Benzene in Sunscreen

High levels of benzene, a known carcinogen, have been detected in several brands and batches of sunscreens and after-sun care products.  

Online pharmacy Valisure LLC tested nearly 300 sprays and lotions and found that 78 (or approximately 27%) tested positive for benzene. Some batches contained levels up to three times the conditionally restricted Food and Drug Administration concentration limit 2 parts per million (ppm). 

A total of 14 sun care product lots with benzene concentrations of 2 ppm or more are sold across four different popular brands—Neutrogena, Sun Bum, CVS Health, and Fruit of the Earth. A full list of the sun care products that tested positive for benzene and their ppm levels can be found here. (Scroll to page 12 for chart.) 

The presence of a toxic, cancer-causing chemical, such as benzene, in sunscreens and after-sun care products is concerning. Several studies have shown that the chemicals in sunscreen can be found in high levels in the bloodstream after they are applied to the skin.

Valisure is the same pharmacy that detected the probable carcinogen NDMA in Zantac and other ranitidine products, which led to sweeping recalls of the heartburn medication and the April 2, 2020 market withdrawal of all ranitidine products.

What is Benzene?

Benzene is a colorless or light-yellow liquid chemical used in various industries including petrochemical production, oil and gas refining, coke and coal chemical manufacturing, and rubber tire manufacturing. It can also be found in some household products including paint, lacquer, and varnish removers and thinners, to name a few.  

Benzene exposure is known to cause cancer in humans, according to the U.S. Centers for Disease Control and Prevention, the U.S. Department of Health and Human Services, the World Health Organization, and other regulatory agencies. The National Institute for Occupational Safety and Health lists “inhalation, skin absorption, ingestion, skin and/or eye contact” as benzene exposure routes.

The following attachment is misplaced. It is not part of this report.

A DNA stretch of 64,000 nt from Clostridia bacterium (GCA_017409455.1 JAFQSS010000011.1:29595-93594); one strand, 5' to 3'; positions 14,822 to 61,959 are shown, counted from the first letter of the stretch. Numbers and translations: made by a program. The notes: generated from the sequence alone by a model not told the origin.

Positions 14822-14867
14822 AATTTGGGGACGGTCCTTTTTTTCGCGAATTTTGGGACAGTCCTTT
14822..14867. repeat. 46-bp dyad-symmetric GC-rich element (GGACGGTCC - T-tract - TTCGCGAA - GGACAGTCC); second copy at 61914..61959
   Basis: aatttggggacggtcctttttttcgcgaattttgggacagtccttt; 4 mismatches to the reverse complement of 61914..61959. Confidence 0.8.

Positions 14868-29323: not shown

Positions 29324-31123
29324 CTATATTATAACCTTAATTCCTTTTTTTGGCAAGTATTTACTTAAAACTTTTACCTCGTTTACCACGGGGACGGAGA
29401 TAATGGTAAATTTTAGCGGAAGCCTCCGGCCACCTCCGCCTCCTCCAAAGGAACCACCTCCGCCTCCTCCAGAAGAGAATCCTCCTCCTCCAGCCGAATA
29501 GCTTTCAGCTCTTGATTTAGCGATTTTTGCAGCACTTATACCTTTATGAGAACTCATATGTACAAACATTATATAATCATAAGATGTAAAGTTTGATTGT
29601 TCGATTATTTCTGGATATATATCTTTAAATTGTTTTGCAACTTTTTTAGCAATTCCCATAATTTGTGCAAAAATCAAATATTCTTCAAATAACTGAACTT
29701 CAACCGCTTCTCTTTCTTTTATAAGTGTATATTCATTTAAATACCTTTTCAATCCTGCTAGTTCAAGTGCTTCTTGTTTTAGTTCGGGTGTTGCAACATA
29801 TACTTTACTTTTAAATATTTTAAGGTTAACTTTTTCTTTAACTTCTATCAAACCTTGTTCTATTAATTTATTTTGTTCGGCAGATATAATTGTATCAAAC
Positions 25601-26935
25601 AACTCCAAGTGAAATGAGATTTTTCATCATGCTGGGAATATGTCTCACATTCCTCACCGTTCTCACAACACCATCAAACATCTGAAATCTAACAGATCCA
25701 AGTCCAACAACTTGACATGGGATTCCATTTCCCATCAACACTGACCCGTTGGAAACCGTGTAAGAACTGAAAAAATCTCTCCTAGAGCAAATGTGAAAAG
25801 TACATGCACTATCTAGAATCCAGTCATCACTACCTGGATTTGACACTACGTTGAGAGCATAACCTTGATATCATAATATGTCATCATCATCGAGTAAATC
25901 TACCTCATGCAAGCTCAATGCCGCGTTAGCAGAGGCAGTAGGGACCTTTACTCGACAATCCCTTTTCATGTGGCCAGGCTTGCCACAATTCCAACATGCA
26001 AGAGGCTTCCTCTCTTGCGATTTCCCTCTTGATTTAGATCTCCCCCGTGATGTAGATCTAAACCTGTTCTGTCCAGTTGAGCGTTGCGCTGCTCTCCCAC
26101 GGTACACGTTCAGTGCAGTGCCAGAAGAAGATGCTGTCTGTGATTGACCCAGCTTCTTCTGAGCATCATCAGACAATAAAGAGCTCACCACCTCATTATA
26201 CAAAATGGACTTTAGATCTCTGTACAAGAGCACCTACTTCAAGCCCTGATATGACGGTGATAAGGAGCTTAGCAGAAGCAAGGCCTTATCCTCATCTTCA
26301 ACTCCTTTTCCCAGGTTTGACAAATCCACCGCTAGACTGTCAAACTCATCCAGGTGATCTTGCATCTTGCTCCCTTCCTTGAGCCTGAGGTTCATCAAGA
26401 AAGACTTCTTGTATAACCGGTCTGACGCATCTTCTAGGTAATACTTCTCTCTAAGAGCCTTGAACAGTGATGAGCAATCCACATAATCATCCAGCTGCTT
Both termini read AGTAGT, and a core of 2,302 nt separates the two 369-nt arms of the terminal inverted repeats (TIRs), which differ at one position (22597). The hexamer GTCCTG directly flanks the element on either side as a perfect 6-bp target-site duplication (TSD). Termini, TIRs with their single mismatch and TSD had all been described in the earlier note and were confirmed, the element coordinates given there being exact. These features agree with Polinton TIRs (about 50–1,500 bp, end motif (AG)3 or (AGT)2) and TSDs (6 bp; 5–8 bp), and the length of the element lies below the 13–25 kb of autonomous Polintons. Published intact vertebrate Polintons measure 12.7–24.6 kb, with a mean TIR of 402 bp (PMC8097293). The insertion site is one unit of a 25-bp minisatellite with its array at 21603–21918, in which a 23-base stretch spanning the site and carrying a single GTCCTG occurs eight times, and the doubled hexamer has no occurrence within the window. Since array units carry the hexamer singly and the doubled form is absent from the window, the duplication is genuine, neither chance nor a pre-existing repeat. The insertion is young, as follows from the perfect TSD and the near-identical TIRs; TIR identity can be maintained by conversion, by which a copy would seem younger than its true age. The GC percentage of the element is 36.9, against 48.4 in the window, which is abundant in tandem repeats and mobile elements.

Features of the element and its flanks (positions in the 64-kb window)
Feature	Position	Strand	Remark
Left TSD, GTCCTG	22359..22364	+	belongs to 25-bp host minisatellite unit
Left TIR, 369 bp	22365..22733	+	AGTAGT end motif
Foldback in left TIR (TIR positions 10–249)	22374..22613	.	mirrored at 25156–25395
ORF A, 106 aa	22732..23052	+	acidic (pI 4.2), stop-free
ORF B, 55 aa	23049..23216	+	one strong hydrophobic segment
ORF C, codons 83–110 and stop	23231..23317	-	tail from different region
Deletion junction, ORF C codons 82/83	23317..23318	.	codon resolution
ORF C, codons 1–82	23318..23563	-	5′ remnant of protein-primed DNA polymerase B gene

Is Benzene Dangerous? 

The toxicity of benzene exposure has been known for more than 120 years. A 2010 review of benzene studies reported, “There is probably no safe level of exposure to benzene, and all exposures constitute some risk in a linear, if not supralunar, and additive fashion.”    

Benzene exposure, whether through inhalation or skin absorption, has been linked to life-threatening diseases including:  

  • Acute Myeloid Leukemia (AML) 
  • Myelodysplastic Syndrome (MDS) 
  • Acute lymphocytic leukemia (ALL)
  • Chronic lymphocytic leukemia (CLL) 
  • Multiple myeloma 
  • Non-Hodgkin’s lymphoma 
  • Aplastic anemia 

Some of these diseases don’t present with symptoms until several years after exposure to benzene. And often, people who are diagnosed with AML, MDS, or some other form of benzene cancer don’t realize that there may be a connection to past benzene exposure. 

Is Benzene Exposure Dangerous to Children?

According to the American Cancer Society, benzene exposure has also been linked to childhood leukemia, particularly AML, ALL, CLL, and other blood-related cancers such as multiple myeloma and non-Hodgkin’s lymphoma.  

Is Benzene Exposure Dangerous to Pregnant Women?

Benzene exposure during pregnancy has been linked to the following conditions:  

  • Increased risk of childhood leukemia 
  • Low birthweight 
  • Greater incidence of birth defects such as spina bifida 

What are the Short-Term Effects of Benzene Exposure?

Inhaling high levels of benzene can cause symptoms such as:

  • Drowsiness
  • Dizziness
  • Rapid or irregular heartbeat
  • Headaches
  • Tremors
  • Confusion
  • Dizziness
  • Narcosis
  • At extremely high levels, benzene exposure may cause unconsciousness and death.

What is Being Done About Benzene in Sunscreen? 

On May 24, 2021, Valisure issued a petition to the FDA calling on the agency to recall batches of sunscreen and after-sun care products it identified as having levels of benzene that put human health at risk. The petition also calls on the FDA to take several steps to protect the public including: 

  • Conducting investigations into the manufacturing of sun care products 
  • Notifying the public about the presence of benzene in the products and recommending safer alternatives 
  • Developing guidance documents for the analysis of benzene in sunscreen products.  

“The presence of this known human carcinogen in sunscreen products widely recommended for the prevention of skin cancer and regularly used by adults and children in large volumes make this finding especially troubling,” Valisure said in the petition.  

Benzene in Sunscreen Lawyers

High levels of benzene—a known carcinogen—have been detected in several brands and batches of popular sunscreens and after-sun care products. Benzene is a colorless or light-yellow liquid chemical used in a variety of industrial and household products. But it is dangerous. Benzene exposure has been linked to cancer and other illnesses.

Our firm has the resources to represent clients throughout the country while never losing sight of the individual. If you or a loved one have regularly used sunscreen and been diagnosed with cancer such as leukemia or lymphoma, we can help.

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